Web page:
With little attention from FBS colleges, Hall brought his undersized frame to
Sam Houston State. After redshirting in 2013, he went on to become one of the
most accomplished defensive linemen in FCS history, earning All-American and
Southland Conference Defensive Player of the Year honors and four first-team
Hall lined up primarily at defensive end at Sam Houston State, but switched to
nose tackle as a senior and posted similarly outstanding production. He is the
program's career leader in sacks (42) and blocked kicks on special teams (14,
second-most in FCS history), and totaled 406 negative yards in his 86 total
tackles for loss.
Hall was a Scouting Combine snub, but has seen sudden interest from a handful
of NFL teams after an eye-opening pro day that included a 38-inch vertical, 36
reps at 225 pounds on the bench press and a 40-yard dash that was unofficially
timed as low as 4.68 second.
Those impressive numbers were evident on his game tape from Sam Houston. Hall
consistently disrupted gaps with explosive first-step quickness out of his
stance, able to maintain balance with his low center of gravity, and able to
generate plenty of power through his lower half. Hall also put on 30 pounds of
muscle between his junior and senior years, and did so without compromising
At the NFL level, Hall is going to need to be more consistent against the run
and creating a more violent punch. But with unparalleled production for a
distinguished FCS program and some intriguing intangibles, Hall could wind up
being a late-round steal for someone under the right tutelage.
20. John Atkins
6-2 7/8, 321, 40 time: 5.38
Projection: Seventh Round/Free Agent
As a three-start recruit out of Thomson, Ga., Atkins was a renaissance man for
his high school. In addition to his prowess on both sides of the line in
football, he was also a standout in basketball, shot put, and even as a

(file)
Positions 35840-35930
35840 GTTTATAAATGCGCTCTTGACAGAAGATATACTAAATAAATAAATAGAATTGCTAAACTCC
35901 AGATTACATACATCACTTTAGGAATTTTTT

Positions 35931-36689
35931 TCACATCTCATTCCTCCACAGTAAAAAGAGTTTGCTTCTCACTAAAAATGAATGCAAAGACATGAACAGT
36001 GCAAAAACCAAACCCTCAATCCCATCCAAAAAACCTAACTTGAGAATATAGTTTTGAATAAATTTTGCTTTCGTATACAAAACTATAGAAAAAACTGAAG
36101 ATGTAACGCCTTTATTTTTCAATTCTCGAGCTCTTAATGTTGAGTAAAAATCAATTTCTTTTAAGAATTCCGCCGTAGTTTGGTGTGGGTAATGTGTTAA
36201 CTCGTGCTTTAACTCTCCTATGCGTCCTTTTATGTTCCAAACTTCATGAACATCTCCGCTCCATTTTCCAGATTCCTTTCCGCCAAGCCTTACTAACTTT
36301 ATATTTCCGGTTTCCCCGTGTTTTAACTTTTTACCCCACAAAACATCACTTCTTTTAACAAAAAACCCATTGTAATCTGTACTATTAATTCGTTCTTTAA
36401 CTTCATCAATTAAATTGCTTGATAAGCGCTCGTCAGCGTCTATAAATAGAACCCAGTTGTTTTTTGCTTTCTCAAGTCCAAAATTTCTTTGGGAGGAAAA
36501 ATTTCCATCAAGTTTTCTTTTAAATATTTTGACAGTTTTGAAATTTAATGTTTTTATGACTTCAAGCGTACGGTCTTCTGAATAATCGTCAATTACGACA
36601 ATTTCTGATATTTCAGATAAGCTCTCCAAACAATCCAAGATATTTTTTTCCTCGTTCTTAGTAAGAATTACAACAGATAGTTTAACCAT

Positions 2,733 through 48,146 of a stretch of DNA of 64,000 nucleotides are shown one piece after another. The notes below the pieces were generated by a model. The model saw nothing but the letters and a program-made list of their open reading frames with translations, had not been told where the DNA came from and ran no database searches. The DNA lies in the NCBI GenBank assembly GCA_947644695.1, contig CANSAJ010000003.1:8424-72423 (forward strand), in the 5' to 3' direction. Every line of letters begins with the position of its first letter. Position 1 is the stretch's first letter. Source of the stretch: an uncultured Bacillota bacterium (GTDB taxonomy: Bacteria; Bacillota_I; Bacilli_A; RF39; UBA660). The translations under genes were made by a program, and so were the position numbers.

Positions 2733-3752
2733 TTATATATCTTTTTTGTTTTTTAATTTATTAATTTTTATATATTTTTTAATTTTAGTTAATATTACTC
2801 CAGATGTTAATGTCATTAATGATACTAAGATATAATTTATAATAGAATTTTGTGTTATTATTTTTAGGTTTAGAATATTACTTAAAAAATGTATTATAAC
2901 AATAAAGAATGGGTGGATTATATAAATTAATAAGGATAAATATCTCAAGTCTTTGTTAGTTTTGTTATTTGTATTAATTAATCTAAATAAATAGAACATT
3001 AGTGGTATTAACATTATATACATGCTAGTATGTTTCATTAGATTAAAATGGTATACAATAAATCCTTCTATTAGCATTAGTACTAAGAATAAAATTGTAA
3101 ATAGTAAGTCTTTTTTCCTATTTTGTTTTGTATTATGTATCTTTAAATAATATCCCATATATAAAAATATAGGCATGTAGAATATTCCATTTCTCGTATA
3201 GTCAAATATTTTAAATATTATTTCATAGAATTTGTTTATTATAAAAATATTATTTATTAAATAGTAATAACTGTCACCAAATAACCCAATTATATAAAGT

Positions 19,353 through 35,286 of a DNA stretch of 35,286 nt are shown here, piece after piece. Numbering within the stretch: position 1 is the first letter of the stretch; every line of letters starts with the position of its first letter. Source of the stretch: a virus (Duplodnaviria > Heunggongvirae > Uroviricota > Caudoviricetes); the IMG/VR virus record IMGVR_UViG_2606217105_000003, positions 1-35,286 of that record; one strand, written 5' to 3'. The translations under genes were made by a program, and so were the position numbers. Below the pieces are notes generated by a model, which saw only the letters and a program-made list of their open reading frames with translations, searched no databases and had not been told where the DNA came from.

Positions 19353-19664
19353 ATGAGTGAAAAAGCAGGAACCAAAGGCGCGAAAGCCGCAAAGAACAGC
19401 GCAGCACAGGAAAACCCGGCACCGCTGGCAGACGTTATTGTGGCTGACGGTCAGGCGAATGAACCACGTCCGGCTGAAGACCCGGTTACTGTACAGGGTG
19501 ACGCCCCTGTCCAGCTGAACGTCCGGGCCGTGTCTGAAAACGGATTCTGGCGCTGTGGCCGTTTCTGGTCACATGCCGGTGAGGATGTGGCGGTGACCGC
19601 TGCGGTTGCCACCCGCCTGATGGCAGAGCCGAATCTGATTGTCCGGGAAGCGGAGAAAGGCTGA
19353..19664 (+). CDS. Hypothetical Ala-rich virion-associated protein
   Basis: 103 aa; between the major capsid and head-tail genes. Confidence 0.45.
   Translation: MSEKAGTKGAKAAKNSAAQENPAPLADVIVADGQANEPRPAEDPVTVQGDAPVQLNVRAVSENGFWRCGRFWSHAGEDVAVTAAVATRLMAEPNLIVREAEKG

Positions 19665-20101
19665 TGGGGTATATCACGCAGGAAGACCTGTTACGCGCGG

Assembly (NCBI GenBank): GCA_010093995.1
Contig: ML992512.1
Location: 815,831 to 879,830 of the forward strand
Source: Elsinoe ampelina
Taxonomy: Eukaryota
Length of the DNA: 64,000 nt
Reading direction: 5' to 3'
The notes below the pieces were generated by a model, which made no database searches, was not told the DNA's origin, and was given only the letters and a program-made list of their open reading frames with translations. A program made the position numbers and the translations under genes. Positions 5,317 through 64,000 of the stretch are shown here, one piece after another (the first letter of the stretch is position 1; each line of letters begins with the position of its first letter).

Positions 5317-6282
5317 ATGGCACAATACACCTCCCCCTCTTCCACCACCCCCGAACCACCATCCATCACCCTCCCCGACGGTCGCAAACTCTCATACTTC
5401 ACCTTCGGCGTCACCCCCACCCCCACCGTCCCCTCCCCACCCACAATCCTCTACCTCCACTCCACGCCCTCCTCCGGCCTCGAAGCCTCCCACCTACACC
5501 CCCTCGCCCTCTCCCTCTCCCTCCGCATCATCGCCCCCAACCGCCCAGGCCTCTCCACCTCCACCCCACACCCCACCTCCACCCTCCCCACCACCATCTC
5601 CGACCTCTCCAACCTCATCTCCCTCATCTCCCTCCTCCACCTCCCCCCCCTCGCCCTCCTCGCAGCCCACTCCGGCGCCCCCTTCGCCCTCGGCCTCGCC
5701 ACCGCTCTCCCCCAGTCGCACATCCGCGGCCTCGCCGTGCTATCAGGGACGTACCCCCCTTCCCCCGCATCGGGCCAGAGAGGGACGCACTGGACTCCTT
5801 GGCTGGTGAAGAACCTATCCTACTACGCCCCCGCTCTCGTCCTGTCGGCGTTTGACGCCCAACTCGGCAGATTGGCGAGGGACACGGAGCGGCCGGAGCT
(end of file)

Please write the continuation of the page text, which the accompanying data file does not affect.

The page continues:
goalkeeper in soccer. Atkins committed to the hometown Georgia Bulldogs over
dozens of other offers, but first had to spend a post-graduate year at
Hargrave (Va.) Military Academy after failing to qualify academically for the
Class of 2012.
After redshirting in 2013, Atkins made three starts over the next two seasons
before becoming a full-time starter at the nose guard in Kirby Smart's 3-4
scheme, as a junior in 2016. Over his final two seasons, Atkins recorded 60
tackles, 2.5 tackles for loss and three passes defended, but he left Athens
having never recorded a sack in his college career.
Atkins' lack of production at Georgia will raise an eyebrow, but that may be
more of a function of his role than an indictment of his skill set. Atkins was
a classic two-gapper for Smart, staying his lane and using his body to both
plug holes and free up space for the Bulldogs' great linebackers.
There were times his raw power was unleashed in the middle, using his stout
lower half to establish leverage and attacking the point with vigor. As a pass
rusher, Atkins' impact is mostly minimal, lacking enough burst out of his
stance to push the pocket.
In terms of strength, Atkins' impressive frame might be misleading. His motor
isn't in question, though, and he takes pride in doing the dirty work that
doesn't often show up on the stat sheet. Atkins most likely projects as a
rotational space-eater at the next level.
--Field Level Media